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  Reply # 2080549 29-Aug-2018 08:27
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If you're considering Sydney then AWS Lightsail (their consumer VPS offering) gives you 512MB RAM, 20GB SSD, and 0.5TB transfer for US$3.50, or double that for US$5.

 

I run six production websites on the smaller size instance, which is Nginx, PHP, and MySQL. Yes it all runs on 512MB RAM, I have swap available but only a little of it is used. 1GB would be better, I just wanted to see if I could do it. I use 1% CPU most of the time, spiking to about 20% for short periods for backups. You'd want the larger size for a busier site as it has more CPU. I also use CloudFlare free plan for CDN. My uptime is good, in AWS Oregon, I've never had any unexpected downtime. With EC2 I pay more than what Lightsail charges, but I had it before Lightsail was announced.

 

While AWS isn't particualrly simple to use, LightSail has been made to be simple, with it's only easy to use control panel.





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  Reply # 2080774 29-Aug-2018 13:17
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timmmay:

 

While AWS isn't particualrly simple to use, LightSail has been made to be simple, with it's only easy to use control panel.

 

 

Lightsail looks like a nice product, but its not simple from what I can gather. For instance it seems you should have some knowledge to be able to add Lets Encrypt to a LightSail instance, unless I have missed something.

 

For someone that doesn't know what they are doing, it might be challenging to set up and run a LightSail instance.

 

BTW: Do LightSail manage OS, web server and script language updates? Didn't immediately find any information about that.





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  Reply # 2080827 29-Aug-2018 14:40
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jarledb:

 

Lightsail looks like a nice product, but its not simple from what I can gather. For instance it seems you should have some knowledge to be able to add Lets Encrypt to a LightSail instance, unless I have missed something.

 

For someone that doesn't know what they are doing, it might be challenging to set up and run a LightSail instance.

 

BTW: Do LightSail manage OS, web server and script language updates? Didn't immediately find any information about that.

 

 

You'd probably have to install Certbot or similar to install a Let's Encrypt certificate, though I had trouble with it on Amazon Linux. Under full AWS you can use AWS Certificate Manager, but that only works with load balancers.

 

Lightsail sets up the server and can optionally set up Wordpress and such, I think you probably have to "yum update" it regularly. Forum thread.

 

If the other provider you recommended does all that for you it's probably better for someone who doesn't want to know about the details of updates, adding https certs, and additional configuration.





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  Reply # 2080898 29-Aug-2018 16:36
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timmmay:

 

If the other provider you recommended does all that for you it's probably better for someone who doesn't want to know about the details of updates, adding https certs, and additional configuration.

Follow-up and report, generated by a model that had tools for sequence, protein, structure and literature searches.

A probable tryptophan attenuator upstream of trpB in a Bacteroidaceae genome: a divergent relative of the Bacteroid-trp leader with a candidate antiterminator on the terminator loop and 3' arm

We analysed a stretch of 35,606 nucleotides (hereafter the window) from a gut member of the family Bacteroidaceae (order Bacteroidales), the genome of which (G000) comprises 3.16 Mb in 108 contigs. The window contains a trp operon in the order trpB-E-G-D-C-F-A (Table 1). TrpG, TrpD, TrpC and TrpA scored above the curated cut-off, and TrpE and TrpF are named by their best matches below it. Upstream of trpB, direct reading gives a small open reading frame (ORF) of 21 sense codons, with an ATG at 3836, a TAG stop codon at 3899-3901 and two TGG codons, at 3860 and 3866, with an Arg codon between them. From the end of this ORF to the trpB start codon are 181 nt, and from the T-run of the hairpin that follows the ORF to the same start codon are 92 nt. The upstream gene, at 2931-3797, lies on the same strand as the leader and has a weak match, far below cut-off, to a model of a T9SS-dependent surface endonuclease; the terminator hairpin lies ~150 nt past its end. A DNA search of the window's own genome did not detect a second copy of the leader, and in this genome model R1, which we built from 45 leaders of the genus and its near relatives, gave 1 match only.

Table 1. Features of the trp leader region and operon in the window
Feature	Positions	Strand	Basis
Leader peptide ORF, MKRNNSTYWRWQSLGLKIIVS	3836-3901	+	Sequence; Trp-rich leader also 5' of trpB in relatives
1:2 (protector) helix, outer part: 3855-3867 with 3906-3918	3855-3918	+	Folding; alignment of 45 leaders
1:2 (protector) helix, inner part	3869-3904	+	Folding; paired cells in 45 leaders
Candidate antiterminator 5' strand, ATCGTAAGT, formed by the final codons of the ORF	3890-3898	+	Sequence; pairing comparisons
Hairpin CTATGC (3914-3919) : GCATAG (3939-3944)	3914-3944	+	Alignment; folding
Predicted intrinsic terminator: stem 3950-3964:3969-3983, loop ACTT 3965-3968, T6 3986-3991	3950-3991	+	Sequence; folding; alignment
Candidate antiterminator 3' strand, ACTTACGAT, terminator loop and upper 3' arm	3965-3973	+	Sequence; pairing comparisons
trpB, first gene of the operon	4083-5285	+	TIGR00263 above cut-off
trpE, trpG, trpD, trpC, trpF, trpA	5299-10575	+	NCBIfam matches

Cloudways provides a layer on top of various cloud providers, including AWS and Google Cloud. They manage the server updates, updates to PHP, MySQL and other packages used on the server. They also handle backups, and provides a fairly easy to use management panel.

 

While it does give you SSH access, you do not have root access so might not be for someone that wants to customise heavily or use features they don't provide out of the box. But for standard installs of WordPress, WooCommerce, Magento, Joomla, Drupal etc. its pretty good. You can also run custom PHP applications, and you have a fair amount of customisation through the admin panel.

 

I have used quite a few premium hosting services for WordPress, and their stack beats all of the ones I have tried before in speed (including WPengine).

 

They add a little on top of the cloud providers fees, but to me its worth it to not have to deal with lots of OS updates etc.

 

I typically run one site per 1 cpu/1GB server instance, which makes it a lot easier to find out whats going on when all the server resources suddenly are used. Thats much harder to figure out if you share the server with several sites. It also provides better security, because you can't get cross site infections.





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  Reply # 2080956 29-Aug-2018 17:22
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It does sound easier. AWS is very powerful but it's complex. Lightsail is a bit less complex and has some standard installs. I wouldn't use Amazon Linux again though, Ubuntu is much better supported with many more packages available.

 

"yum update" isn't so difficult. AWS provides disk snapshots, incremental, which is good for backups, but restoring individual files takes some experience / skill.

 

I use separate PHP pools for my sites, so I can tell if anything goes crazy. I also cache and rate limit so things can't go too crazy. 1GB / 1CPU is probably much more than most single sites need if it's set up and cached properly, but that can take a bit of time and effort.





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